3. To show compassion, you have to stop taking things personally.

One of the biggest blocks to being compassionate are our own thoughts and the story we tell ourselves about a situation. When our partner does something we don’t like, or fails to do something we expect, we take it as a personal offence. “Well, he just doesn’t care about me, or he doesn’t want to help me, or what I need is not important to him.” We’re so good at creating these dramatic stories were he is the villain and we are the wronged party. Realizing that everything is not all about you is one of the greatest gifts you can give yourself. Usually, and by that I mean 99% of the time, people’s actions or lack of action have to do with them, their own experiences, their own assumptions and expectations. Maybe he grew up thinking a certain way, maybe it’s his was of hiding his own shame and fear, maybe he feels inadequate. Who knows what’s really going on, but I can tell you what’s NOT going on. It’s NOT an intentional effort to disregard you or make you upset. But that’s what we tell ourselves, right? The sooner you can truly believe that you partner’s behavior has nothing to do with you, the more open you will be to compassion. Even if they are pointing the finger at you, it’s really about them. Do. Not. Take. It. Personally. Period.


4. To show compassion to others, you must show compassion to yourself.

It’s hard to show compassion when expectations are not met. And people who have the hardest time showing compassion usually have the highest expectations of others, and more importantly, of themselves. As women we are often driven by the image of perfection. We have to look a certain way, we have to own certain things by certain designers, we have to do this but we can’t do that…the list goes on and on. We are incredibly hard and unforgiving of ourselves. One key I find to unlocking our capacity to show compassion is to find the places on our relationship where we need to forgive and show compassion to ourselves. If we can accept the beauty of our humanity and embrace the wonderful opportunities in each mistake we make, how much easier will it be to do the same for someone who is so much a part of who we are as a person. I often say that the people we are in the most intimate relationship with are mirrors of ourselves. They reflect back to us the places where we need to learn, love and grow the most. So find that place of self-blame and shame in your relationship. Look at it will acceptance and appreciation, for it has contributed to the amazing person you are right now. You cannot go back and do it differently. You can only move forward with openness to the full and glorious process of compassion.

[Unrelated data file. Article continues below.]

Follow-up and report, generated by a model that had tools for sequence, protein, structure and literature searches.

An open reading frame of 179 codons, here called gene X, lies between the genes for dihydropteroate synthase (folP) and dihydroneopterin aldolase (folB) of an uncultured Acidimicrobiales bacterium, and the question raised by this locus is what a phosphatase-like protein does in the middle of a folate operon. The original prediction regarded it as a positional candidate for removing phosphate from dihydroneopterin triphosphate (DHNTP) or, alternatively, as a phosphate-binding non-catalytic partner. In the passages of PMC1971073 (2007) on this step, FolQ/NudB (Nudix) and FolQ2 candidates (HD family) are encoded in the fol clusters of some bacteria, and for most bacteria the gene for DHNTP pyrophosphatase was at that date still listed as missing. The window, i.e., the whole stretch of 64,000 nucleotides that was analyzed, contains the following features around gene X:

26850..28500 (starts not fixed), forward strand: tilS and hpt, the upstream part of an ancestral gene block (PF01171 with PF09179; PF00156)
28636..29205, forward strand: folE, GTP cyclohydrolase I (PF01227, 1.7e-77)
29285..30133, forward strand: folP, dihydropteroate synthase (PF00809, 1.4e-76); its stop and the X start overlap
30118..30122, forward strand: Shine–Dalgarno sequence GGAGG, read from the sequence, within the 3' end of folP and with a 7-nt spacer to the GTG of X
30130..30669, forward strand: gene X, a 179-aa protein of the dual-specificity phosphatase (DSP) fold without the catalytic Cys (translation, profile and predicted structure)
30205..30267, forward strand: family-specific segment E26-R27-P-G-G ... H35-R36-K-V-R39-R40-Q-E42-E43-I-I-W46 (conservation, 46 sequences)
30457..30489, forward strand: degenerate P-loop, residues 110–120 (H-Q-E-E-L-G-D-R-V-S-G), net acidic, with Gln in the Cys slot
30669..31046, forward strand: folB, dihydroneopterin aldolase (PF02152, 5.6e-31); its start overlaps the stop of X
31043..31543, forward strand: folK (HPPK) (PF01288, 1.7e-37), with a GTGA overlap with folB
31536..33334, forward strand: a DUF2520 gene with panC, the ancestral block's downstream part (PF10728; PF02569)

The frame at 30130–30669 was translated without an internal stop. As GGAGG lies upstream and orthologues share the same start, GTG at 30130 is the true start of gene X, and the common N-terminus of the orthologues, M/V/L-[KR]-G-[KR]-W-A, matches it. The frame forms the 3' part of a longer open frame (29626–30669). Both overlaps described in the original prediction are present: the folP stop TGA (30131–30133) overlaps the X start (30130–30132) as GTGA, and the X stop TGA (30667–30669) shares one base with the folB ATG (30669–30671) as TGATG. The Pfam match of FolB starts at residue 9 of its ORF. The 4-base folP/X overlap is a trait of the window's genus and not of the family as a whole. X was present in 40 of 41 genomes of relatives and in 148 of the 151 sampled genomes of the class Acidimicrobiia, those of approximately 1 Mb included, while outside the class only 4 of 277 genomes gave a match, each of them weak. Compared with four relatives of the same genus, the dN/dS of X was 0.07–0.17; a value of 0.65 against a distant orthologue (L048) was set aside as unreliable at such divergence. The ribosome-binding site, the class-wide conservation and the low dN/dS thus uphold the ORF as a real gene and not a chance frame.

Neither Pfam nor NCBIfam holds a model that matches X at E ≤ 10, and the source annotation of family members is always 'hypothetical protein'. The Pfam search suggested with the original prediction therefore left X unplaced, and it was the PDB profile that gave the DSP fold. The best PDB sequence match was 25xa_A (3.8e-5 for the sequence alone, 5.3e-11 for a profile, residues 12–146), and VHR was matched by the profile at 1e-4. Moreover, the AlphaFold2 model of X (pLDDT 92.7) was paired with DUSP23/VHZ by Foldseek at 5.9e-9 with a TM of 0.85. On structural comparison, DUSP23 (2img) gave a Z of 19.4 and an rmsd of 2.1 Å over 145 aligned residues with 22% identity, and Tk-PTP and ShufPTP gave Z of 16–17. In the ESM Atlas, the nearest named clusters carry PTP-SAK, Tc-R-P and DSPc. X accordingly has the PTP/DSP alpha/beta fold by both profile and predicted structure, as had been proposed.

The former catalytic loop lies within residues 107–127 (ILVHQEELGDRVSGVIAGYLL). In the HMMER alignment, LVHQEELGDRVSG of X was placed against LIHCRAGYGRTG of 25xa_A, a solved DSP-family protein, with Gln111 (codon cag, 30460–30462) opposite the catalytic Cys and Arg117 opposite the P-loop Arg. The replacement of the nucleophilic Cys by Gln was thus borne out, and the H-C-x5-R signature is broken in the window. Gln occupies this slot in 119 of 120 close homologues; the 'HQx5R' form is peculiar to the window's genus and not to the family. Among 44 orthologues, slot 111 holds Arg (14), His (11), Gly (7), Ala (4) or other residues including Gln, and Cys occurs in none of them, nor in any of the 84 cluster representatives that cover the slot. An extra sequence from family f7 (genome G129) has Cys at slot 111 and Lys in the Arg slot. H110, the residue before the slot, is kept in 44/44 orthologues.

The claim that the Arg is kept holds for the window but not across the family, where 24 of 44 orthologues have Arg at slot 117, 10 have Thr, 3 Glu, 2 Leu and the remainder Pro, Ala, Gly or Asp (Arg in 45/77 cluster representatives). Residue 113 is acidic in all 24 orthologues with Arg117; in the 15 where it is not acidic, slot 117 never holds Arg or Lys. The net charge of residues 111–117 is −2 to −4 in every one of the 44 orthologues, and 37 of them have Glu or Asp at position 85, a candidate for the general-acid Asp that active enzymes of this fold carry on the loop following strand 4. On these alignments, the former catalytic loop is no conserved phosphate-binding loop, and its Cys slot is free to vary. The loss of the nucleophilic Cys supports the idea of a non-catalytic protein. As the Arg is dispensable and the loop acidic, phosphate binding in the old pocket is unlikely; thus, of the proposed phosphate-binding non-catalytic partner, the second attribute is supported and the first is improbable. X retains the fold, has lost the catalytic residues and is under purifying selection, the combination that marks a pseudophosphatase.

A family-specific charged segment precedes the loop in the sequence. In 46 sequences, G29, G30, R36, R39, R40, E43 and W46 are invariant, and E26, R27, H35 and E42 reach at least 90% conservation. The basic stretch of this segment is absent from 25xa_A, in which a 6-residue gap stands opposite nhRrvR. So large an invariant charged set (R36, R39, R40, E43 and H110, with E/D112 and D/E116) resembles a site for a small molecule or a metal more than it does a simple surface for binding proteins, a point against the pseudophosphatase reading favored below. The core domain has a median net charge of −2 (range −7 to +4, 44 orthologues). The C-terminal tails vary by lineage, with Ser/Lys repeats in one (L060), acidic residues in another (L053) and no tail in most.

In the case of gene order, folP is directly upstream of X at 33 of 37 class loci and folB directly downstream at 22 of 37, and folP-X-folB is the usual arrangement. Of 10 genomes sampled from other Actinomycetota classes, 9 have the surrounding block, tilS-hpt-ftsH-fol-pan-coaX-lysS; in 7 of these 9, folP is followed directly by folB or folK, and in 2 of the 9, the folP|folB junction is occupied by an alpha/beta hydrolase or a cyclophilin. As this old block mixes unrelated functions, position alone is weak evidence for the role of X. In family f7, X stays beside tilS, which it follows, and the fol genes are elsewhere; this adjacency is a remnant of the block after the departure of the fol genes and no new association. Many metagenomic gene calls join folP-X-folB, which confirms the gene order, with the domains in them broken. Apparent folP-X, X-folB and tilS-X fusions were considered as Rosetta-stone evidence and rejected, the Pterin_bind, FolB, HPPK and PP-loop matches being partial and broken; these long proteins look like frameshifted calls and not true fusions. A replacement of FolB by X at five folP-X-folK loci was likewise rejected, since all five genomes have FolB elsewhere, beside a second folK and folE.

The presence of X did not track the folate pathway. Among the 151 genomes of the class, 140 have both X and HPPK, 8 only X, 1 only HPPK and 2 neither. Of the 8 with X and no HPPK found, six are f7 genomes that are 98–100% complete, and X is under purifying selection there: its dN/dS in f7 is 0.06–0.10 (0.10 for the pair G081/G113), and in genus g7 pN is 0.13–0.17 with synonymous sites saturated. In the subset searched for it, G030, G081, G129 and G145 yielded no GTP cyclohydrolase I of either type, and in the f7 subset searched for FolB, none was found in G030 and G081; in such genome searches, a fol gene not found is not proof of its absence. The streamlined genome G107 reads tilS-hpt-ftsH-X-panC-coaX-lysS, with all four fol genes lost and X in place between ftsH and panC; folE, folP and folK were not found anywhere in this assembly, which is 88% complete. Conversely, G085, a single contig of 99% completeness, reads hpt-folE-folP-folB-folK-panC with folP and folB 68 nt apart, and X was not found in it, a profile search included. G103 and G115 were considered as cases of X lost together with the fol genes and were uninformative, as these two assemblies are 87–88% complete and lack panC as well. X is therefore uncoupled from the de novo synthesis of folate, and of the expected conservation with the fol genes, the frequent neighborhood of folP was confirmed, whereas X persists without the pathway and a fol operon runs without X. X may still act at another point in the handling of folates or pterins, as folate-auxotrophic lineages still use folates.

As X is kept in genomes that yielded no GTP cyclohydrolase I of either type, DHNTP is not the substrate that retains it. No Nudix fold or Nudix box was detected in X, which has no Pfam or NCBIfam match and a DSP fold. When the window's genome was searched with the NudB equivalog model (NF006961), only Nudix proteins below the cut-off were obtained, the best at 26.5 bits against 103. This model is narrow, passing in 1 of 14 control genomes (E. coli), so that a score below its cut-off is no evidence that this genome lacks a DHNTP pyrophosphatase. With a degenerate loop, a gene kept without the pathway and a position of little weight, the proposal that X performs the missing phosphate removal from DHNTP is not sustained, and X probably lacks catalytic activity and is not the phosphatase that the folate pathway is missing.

Questions or comments? I’m all ears!

Also, if you found this helpful, please share it with someone who could also benefit!

Yours in relating well,